‘Many people don’t know this’: the artist shining a light on nuclear testing – The Guardian

June 28, 2022 by No Comments

On 16 July 1945, the first nuclear bomb exploded on Earth. It happened at a testing site in Alamogordo, New Mexico, as a part of the Manhattan project, a huge US-led initiative to develop atomic weapons during the second world war. And though the project was officially disbanded in 1945, nuclear testing sites in the United States continued to emerge all over the country for decades.

“It’s a history that has managed to stay hidden even though it’s so full of spectacle,” says the American artist Cara Despain. “[These tests] released particles and isotopes that permanently altered this planet. They were testing above ground for years, and many people don’t know this.”

In her new solo show Specter, which opened earlier this month at the Bass Museum of Art in Miami Beach and was curated by Leilani Lynch, Despain illuminates an obscure history that – amid an escalating war between Russia and Ukraine – has come back to haunt us.

Despite the reduced size of the show (there are five pieces in total), the artist manages to deftly evidence the expansive collective and individual consequences of a ghastly subject. And perhaps her ability to do so is related to the fact that this is history she’s familiar with.

Despain was born in Utah and works between Salt Lake City and Miami, Florida. Her mother’s side of the family grew up in St George, a town less than 150 miles from the Nevada test site (which also happens to be a mere 65 miles away from Las Vegas). “Being from this region and having a family that grew up in this era of testing, the development of nuclear arsenals and the kind of collateral damage that comes with it is something that’s always on my mind,” she explains.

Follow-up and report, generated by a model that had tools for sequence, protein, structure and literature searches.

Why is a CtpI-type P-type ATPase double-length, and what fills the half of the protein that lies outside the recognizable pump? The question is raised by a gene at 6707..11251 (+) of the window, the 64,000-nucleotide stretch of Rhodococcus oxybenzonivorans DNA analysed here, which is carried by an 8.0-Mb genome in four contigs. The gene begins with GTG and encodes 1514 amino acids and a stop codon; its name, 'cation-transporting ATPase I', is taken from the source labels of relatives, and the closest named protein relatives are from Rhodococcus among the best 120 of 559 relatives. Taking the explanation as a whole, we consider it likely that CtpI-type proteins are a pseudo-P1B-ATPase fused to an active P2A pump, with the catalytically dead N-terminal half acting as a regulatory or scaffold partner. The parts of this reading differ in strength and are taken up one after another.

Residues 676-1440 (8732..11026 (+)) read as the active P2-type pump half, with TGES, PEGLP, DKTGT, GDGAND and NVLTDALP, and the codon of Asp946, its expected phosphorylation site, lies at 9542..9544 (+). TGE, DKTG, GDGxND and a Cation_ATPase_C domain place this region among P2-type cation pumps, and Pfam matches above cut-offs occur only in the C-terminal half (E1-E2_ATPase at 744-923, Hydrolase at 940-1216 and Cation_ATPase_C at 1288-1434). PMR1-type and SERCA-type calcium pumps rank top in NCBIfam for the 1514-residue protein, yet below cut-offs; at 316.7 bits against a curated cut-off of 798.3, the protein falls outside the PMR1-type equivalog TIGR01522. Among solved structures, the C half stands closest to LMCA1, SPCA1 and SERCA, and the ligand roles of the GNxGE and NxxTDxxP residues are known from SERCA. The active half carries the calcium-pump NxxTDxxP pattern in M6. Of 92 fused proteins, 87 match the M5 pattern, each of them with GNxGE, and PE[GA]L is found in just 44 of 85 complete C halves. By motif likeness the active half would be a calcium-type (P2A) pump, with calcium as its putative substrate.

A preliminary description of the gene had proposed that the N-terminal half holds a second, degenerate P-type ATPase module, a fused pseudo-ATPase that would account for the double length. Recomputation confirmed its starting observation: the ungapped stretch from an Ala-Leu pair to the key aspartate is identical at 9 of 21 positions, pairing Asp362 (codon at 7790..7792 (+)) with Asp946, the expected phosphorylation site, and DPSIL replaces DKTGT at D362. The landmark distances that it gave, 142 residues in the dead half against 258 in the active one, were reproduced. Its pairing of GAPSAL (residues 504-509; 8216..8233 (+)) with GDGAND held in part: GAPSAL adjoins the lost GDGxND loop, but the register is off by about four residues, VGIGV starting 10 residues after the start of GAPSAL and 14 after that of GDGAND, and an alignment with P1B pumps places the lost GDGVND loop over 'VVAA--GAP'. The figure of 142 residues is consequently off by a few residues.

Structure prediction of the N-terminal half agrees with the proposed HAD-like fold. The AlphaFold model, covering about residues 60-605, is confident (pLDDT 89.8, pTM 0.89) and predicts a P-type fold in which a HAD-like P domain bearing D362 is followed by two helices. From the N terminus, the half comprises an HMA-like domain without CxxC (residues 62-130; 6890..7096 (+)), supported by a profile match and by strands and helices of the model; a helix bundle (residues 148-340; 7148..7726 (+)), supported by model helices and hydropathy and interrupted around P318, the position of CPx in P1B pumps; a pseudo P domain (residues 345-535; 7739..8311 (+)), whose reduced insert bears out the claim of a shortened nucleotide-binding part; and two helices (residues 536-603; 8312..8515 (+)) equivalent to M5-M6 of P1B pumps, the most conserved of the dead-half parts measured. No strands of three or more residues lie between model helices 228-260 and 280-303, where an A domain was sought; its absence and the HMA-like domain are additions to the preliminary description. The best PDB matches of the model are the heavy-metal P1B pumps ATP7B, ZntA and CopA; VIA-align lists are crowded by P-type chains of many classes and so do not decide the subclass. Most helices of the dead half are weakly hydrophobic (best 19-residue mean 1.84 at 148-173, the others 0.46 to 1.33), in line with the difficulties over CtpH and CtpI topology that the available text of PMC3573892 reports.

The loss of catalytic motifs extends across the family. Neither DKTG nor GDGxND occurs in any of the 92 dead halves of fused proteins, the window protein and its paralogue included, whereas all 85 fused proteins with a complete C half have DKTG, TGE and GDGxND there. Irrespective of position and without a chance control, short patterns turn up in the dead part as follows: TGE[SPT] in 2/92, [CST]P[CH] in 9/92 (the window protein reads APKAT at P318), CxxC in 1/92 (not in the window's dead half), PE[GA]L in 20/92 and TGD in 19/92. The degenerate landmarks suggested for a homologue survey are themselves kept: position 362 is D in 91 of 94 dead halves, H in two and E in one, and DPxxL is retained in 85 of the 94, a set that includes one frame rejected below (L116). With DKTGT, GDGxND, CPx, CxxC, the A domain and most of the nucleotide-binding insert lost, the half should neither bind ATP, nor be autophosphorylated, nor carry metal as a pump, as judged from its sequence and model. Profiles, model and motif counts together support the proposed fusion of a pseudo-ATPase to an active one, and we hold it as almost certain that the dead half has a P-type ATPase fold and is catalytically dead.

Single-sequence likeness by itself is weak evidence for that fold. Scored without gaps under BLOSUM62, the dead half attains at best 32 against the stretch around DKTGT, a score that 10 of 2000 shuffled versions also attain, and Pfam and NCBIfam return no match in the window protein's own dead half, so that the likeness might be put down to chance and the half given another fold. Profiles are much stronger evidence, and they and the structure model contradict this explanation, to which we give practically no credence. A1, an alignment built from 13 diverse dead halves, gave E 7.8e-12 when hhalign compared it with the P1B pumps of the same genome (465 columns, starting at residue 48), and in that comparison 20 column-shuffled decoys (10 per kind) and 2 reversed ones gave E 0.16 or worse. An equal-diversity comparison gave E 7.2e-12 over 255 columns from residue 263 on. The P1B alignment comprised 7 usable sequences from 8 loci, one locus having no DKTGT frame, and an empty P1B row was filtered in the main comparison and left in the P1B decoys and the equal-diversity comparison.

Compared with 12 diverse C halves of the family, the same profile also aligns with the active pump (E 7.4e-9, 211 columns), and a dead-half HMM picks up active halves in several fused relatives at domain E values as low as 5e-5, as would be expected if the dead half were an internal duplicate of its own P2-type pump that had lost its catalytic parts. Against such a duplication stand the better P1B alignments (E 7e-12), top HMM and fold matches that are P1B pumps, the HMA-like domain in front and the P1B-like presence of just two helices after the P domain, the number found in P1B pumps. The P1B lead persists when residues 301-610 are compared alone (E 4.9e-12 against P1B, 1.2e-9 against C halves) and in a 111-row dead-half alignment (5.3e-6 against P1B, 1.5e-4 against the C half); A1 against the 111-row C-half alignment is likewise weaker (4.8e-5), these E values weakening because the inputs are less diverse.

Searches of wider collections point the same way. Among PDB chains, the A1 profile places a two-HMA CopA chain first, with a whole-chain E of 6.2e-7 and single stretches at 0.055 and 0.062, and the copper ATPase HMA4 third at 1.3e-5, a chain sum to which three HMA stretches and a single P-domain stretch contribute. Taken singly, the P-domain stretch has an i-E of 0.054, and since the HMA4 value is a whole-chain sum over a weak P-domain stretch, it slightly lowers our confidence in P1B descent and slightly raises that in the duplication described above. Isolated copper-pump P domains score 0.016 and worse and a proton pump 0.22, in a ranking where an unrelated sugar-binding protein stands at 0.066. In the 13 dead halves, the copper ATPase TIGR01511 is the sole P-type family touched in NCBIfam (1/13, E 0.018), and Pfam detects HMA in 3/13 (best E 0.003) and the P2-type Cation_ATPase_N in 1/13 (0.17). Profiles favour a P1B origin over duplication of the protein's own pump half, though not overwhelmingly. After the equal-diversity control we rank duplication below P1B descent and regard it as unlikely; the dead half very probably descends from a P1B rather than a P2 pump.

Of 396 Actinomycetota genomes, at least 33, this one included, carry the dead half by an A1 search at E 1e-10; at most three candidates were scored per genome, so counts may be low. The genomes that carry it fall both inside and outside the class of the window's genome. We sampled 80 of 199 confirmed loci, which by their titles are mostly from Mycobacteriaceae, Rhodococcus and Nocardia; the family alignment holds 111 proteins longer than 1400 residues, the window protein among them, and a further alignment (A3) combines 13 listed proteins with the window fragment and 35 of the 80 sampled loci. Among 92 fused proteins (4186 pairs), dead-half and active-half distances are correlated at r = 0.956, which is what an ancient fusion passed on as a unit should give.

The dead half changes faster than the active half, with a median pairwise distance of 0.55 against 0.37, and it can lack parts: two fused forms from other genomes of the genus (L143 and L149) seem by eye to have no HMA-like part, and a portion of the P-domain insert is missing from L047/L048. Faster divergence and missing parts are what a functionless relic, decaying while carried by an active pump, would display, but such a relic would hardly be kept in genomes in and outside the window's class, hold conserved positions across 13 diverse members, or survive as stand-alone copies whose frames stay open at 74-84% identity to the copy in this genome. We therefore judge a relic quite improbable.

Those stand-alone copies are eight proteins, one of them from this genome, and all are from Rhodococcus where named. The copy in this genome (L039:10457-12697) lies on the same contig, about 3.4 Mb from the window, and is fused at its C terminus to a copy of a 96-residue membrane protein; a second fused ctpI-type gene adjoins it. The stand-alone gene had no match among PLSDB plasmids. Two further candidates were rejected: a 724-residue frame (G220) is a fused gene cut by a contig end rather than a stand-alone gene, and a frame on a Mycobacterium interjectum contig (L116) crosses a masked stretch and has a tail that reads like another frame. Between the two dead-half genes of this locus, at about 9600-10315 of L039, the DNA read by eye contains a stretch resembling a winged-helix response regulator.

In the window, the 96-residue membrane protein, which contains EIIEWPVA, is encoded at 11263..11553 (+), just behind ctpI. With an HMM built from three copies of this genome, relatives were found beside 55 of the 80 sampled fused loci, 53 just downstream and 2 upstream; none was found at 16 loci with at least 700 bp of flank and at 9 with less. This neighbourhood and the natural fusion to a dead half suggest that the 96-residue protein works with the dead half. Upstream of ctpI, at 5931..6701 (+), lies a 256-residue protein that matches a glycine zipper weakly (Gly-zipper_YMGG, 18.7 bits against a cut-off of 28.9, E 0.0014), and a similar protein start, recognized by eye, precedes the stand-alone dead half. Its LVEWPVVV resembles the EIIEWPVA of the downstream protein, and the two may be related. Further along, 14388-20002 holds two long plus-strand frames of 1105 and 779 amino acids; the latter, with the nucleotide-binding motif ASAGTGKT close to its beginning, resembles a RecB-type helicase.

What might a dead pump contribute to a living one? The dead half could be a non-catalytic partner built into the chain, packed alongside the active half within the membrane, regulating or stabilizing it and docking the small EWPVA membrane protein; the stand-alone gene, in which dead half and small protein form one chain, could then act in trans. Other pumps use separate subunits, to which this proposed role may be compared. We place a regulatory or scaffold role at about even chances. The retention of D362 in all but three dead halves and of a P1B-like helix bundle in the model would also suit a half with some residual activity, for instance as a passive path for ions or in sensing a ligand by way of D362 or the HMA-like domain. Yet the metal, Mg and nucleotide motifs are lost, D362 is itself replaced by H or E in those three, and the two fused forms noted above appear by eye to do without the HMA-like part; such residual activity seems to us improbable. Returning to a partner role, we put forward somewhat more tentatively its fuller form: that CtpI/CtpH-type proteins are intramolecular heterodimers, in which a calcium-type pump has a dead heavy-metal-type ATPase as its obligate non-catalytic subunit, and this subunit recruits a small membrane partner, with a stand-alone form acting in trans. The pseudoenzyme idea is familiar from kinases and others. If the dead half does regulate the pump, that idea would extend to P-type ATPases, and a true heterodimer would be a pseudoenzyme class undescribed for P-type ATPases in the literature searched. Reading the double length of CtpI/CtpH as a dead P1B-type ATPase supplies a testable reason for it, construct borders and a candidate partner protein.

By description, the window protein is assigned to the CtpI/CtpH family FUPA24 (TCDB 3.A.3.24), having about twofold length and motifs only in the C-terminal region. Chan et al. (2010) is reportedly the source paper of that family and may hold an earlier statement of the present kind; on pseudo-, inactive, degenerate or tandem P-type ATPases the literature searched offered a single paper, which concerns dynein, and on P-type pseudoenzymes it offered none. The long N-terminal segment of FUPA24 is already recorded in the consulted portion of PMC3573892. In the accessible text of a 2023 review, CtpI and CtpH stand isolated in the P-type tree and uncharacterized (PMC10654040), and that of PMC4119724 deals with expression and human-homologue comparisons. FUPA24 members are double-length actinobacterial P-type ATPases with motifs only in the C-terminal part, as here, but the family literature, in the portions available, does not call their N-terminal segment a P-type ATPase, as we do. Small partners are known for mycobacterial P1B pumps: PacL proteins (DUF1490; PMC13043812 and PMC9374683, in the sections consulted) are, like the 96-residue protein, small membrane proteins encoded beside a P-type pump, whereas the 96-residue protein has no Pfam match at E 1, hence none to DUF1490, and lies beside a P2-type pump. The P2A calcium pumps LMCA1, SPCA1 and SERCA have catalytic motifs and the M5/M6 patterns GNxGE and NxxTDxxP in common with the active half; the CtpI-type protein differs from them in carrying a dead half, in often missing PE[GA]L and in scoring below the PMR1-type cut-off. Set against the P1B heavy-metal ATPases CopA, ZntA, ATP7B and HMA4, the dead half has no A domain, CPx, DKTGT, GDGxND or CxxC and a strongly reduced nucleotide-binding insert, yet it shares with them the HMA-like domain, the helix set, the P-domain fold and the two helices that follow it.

Cara Despain – Iodine-131. Photograph: Courtesy of The Bass. Photo by Zaire Aranguren

At first sight, Iodine-131, a gecko green cast made from gypsum concrete backlit with LED lights, appears to merely be a 3D rendering of a mountainous terrain that catches the viewer’s attention due to its beauty. A closer look reveals it is a detailed casting of the topography of Yucca Flat, a major nuclear testing region within the Nevada testing site, where many craters from atomic explosions are visible from space. Despain says she retrieved the image using Google Earth and chose to focus on this section of the testing site since it “began to communicate the magnitude of what happened”.

Adjacent to Iodine-131, on a large screen, house of cards (2022) presents declassified black-and-white footage of testing sites, bomb craters and mushroom clouds, with the words “The End” blithely superimposed on the films meant to explain test outcomes. In one shot, a crater at a nuclear testing site is layered with a drawing of a football field to illustrate the bomb’s capacity for destruction.

In Specter, Despain also presents works featuring mass-produced Depression-era consumer glass dishware and antiques that emit a bewitching viridescent glow under UV lights due to the presence of uranium oxide in their composition. This chemical was widely banned …….

Source: https://www.theguardian.com/artanddesign/2022/jun/28/many-people-dont-know-this-the-artist-shining-a-light-on-nuclear-testing

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